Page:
A few other essential tips for using your infrared camera on your hive are to take your images in the early morning to get accurate results. Taking images with the sun beating down will not give you an accurate reading of your hive, or anything for that matter.  Remember that thermal imagers don’t require any light to work at all. Take all your images at roughly the same time of the day to improve the accuracy of your records.

Just about all the infrared cameras on the market are equipped with a choice of color palettes. Experiment and find the one that gives you the finest thermal gradients to give you the most accurate readings.  

Which is the best thermal imager for beekeepers? 

Fair question.   

We’ll get straight to the FLIR products.  These two cameras have dominated the market in previous years.  You’ll benefit from exceptional aftersales support with the FLIR cameras.  In addition to this, social media is blanketed with ideas and tips for using these two popular devices.  

1. FLIR ONE Gen 3 – iOS – Thermal Camera

The FLIR One is a great starting point and will do pretty much everything you want in the beekeeping world.  This connects to your iPhone or Android phone and captures both images and videos.  You will need to download the FLIR app to use this camera.  Image quality is fair, as expected at this price point.  App features are simple and easy to use.  Battery life is, well, let’s say there’s room for improvement.  You can expect about 45mins use out of this unit.  This is something to consider if you’re running more than five hives.  

2. FLIR One PRO Thermal Camera

The FLIR One Pro adds a few key features and doubles the financial outlay.  The biggest improvement is image quality.  The detail is quite good, you have a greater definition around the edges of your colony.  Beyond the images, the features available over the One are that you can set a temperature range, pinpoint multiple measurement points and the maximum readable temperature is 752F.  These extra features have no real benefit in the beekeepers’ world except the image quality, which is excellent.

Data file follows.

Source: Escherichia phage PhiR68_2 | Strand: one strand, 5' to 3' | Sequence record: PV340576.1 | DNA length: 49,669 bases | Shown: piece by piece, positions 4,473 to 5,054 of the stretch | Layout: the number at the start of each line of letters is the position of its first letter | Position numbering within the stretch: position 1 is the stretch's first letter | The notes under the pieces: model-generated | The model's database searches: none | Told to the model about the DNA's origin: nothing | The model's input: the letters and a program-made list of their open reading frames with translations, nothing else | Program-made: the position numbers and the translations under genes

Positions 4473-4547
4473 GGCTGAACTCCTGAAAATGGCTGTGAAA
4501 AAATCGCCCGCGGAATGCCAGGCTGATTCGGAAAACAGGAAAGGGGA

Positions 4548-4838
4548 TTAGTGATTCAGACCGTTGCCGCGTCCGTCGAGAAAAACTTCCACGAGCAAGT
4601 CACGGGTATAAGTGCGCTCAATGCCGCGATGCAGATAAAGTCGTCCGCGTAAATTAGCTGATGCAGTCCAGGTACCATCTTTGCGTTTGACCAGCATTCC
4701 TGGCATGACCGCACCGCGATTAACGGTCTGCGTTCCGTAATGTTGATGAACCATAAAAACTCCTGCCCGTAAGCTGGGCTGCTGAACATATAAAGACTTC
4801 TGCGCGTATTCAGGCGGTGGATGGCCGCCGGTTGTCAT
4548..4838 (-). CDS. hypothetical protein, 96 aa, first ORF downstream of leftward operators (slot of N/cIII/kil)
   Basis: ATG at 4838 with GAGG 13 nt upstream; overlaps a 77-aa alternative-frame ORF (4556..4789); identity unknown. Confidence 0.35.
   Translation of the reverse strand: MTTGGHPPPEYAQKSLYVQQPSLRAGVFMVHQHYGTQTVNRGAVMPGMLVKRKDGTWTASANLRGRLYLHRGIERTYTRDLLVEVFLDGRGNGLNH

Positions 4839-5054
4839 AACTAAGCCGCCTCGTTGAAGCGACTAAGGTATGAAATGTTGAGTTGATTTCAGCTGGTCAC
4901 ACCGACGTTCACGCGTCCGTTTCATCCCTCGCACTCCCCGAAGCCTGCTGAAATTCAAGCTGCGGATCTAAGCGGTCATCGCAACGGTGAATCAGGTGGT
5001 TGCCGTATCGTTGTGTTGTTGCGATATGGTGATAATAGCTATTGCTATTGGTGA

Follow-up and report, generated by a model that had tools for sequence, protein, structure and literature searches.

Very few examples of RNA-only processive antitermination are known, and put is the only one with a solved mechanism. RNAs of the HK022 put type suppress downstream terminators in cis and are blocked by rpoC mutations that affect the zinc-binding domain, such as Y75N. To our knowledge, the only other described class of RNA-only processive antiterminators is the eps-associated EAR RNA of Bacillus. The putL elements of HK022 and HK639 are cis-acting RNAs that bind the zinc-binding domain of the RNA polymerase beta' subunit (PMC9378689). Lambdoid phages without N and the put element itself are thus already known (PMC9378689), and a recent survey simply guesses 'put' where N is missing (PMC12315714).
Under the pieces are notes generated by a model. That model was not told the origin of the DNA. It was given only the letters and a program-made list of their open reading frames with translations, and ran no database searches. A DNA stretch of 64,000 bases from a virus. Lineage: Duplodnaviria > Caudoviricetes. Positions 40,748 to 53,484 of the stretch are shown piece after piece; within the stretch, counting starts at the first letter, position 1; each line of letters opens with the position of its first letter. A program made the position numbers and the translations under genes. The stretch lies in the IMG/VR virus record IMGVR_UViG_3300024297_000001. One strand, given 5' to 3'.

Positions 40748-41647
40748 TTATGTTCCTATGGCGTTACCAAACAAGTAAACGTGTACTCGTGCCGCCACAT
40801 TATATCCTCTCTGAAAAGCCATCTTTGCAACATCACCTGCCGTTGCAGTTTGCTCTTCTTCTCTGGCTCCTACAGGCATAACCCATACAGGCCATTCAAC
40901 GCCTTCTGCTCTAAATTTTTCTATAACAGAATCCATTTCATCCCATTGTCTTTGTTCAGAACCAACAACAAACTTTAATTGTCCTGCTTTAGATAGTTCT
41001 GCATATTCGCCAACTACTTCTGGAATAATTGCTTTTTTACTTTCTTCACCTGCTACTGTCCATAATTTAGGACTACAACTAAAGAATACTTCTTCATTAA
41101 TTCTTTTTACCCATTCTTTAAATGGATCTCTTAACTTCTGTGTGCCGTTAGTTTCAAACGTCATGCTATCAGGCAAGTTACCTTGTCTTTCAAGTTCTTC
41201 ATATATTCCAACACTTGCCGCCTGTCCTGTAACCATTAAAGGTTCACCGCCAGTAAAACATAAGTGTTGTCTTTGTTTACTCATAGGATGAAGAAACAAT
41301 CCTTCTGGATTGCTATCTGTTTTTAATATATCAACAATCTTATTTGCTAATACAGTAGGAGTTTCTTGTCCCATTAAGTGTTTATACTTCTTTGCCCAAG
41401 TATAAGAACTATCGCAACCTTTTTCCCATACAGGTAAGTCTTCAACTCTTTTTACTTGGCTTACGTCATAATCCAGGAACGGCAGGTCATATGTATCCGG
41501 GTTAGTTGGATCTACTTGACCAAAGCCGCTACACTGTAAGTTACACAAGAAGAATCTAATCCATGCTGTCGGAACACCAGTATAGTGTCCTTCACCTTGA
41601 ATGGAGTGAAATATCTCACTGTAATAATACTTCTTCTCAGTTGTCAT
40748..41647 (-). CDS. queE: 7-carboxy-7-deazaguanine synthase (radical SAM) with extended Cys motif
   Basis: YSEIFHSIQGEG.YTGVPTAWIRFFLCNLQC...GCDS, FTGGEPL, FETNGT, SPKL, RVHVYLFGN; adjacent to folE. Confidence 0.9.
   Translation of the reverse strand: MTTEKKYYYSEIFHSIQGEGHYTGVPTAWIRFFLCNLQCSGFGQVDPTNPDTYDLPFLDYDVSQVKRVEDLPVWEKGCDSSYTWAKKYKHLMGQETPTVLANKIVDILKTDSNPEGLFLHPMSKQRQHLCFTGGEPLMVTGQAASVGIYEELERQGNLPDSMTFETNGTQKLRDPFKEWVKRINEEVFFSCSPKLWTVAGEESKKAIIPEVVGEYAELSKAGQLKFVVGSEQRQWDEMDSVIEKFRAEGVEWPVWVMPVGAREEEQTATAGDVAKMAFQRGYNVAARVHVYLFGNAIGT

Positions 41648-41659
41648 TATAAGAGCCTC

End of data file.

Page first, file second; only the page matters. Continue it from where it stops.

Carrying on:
3. Seek Shot All Purpose Thermal Camera

For an entry level standalone thermal imager, the Seek Shot and the Seek Shot Pro are excellent choices.  The Seek Shot will do everything you want in the beekeeping domain without the use of a phone or tablet.  Battery life is a cut above what is available with phone connected units.  Imaging is subjectively better than the MSX units.  Battery life on both models is brilliant.  The Seek Shot Pro does provide the option to livestream your images, which could be a deal breaker for some.   

That’s a wrap!

So, to answer the question, what does the inside of a beehive look like – and once you’ve purchased your thermal imaging camera so you can actually see inside a beehive – you will find it illuminating!!!  What are you waiting for?  See your bees and beehive in a whole new light.  The advantages you will gain in taking care of your bees will far outweigh the cost.


Happy filming!